National chooses “sexy” movie protectionism

Bah, I come back from a conference to this.  Film subsides/protectionism is back in vogue I see.  Not happy with just spending other people’s money to get to go to functions about the new Avatar movies, our politicians have decided to increase the amount of other people’s money they will give to all people who decide they feel like filming here.

From Dragoliz’s deviantart

Protectionism in of itself is bad enough, but film is especially insidious.  Essentially, we have an industry that has complete capital mobility, and is using it to extract all the surplus from any agreement with a given government (and from large numbers of its workers).  Given that people view this as a sexy product, and like to pretend their are “social benefits” that no-one has been able to find, this implies that governments are massively willing to overspend.

Now, the economic advice they’ve received has pointed out that this doesn’t really make sense.  As Eric notes Treasury saying don’t do it here.  And as NZIER seems to be heavily implying here.

But I will add one other thing.  We may say “the government is doing it, because people feel good having a movie shot here – it makes us proud!”.  Yeah sure, that is relevant – so we need to think about it.

Ok, so who are the people who get all this “pride” from the movies?  Generally, middle class New Zealanders.  Who is paying, generally wealthier New Zealanders (as they pay most of the tax).  What spending is likely to be sacrificed in order to pay for subsides, poor New Zealanders.  Directors law, once again.  If you don’t agree with how I’m conceptualising it, then why don’t we get government to get private New Zealander’s to pay into a fund based on the “pride” they get?  You may complain that people will “free-ride”, but then I would quickly point out that merely imposing a preference for “pride” on everyone in order to get them to pay for something you want is problematic!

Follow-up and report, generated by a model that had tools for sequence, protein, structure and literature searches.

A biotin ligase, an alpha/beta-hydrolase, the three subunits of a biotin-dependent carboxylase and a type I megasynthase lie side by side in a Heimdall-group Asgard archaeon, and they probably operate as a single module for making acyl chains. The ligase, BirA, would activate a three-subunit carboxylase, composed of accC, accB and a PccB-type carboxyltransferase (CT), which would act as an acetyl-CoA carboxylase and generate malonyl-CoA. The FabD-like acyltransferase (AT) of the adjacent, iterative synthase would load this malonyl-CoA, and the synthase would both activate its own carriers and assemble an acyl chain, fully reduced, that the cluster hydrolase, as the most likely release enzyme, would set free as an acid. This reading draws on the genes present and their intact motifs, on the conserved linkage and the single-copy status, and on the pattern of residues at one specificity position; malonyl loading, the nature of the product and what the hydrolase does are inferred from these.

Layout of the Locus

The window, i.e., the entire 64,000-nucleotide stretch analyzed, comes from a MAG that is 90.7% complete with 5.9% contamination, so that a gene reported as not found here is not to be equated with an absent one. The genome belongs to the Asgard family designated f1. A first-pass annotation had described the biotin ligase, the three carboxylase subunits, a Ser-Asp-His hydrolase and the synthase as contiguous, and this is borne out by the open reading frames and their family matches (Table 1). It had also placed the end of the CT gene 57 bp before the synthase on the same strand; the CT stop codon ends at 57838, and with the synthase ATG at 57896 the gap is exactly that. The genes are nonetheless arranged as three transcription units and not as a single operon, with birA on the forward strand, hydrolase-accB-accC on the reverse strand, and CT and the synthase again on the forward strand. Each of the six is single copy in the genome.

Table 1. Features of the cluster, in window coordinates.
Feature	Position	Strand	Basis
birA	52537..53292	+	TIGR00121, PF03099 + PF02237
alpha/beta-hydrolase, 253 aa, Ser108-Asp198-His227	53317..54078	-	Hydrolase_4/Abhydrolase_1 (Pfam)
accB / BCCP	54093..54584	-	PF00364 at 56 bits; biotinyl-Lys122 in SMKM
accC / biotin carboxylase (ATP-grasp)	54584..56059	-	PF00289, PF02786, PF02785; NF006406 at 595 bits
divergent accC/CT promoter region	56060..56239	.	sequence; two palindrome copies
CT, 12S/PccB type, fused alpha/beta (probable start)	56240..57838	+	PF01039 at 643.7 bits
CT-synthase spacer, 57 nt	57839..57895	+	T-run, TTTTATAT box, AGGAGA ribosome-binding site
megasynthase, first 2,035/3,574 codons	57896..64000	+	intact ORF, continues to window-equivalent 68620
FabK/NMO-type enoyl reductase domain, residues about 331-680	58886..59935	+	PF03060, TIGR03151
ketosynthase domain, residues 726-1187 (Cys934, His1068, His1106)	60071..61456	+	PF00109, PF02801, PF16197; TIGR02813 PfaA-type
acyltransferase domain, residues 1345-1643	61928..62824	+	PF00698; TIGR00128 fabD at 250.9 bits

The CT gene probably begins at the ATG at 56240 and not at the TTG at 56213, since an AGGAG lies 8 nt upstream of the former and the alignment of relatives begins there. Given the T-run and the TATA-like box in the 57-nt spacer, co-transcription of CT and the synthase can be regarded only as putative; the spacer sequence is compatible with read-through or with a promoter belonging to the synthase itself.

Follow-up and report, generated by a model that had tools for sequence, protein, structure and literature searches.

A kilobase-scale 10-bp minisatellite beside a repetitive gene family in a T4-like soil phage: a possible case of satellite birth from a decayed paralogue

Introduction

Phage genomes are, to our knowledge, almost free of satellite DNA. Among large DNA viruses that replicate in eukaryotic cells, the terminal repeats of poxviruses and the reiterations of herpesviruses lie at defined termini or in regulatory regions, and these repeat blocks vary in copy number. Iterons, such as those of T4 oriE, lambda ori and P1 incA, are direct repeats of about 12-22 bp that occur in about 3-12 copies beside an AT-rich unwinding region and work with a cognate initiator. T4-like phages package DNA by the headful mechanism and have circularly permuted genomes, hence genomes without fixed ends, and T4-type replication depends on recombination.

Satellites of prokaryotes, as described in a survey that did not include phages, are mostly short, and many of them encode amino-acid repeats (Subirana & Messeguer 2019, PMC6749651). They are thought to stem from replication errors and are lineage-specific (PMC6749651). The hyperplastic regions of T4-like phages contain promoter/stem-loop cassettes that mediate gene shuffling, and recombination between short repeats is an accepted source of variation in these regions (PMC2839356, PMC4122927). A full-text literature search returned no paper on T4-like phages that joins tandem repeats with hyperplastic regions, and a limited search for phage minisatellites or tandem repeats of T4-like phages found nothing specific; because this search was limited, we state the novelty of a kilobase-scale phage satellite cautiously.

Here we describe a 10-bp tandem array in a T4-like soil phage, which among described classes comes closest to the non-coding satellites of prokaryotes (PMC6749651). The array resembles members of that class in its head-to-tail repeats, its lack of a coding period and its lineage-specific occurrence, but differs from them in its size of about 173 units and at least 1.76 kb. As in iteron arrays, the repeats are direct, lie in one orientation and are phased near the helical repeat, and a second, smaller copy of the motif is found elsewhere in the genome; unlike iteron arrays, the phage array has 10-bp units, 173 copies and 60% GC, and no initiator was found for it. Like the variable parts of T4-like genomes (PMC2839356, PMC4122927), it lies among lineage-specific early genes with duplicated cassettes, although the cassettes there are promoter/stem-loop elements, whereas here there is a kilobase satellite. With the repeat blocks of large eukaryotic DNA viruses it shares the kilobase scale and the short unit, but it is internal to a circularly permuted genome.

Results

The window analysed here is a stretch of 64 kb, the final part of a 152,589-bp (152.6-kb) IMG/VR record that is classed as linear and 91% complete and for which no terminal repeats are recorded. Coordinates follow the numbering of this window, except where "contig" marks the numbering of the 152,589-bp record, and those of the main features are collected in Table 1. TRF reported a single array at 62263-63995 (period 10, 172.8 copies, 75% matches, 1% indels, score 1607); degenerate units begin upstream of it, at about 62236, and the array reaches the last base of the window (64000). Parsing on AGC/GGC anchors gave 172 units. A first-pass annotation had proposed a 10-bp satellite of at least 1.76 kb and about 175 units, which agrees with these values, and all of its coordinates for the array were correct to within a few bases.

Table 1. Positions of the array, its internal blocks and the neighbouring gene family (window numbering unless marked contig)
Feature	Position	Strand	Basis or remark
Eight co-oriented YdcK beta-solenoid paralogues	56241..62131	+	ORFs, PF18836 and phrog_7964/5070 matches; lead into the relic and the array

It is inconsistent, nah hypocritical, to support this type of protectionism and then complain about inequality and poverty in New Zealand.  And yet, that is what I see a bunch of people doing as they see it as “sexy” – and also because they don’t actually know what the terms “poverty” and “inequality” mean.  If only more people thought clear, transparent public  policy based on the positive economics that allows it was sexy instead …

  • Andrew F

    Yeah my instinctive reaction is to call this protectionism. However, to extend a little on the point you made about social benefits is the (admittedly tentative) links to the arts. Arguably film making is an art form in the broader sense. albeit one that has become very commercialised. I guess this is what distinguishes it from other arts (such as performance art). perhaps a better comparison is with TV which is also subject to some significant government support.

    So I’m wondering 1) what makes art special and b) if they are, where is the line that means something (i.e. film making) should not be viewed in the same way?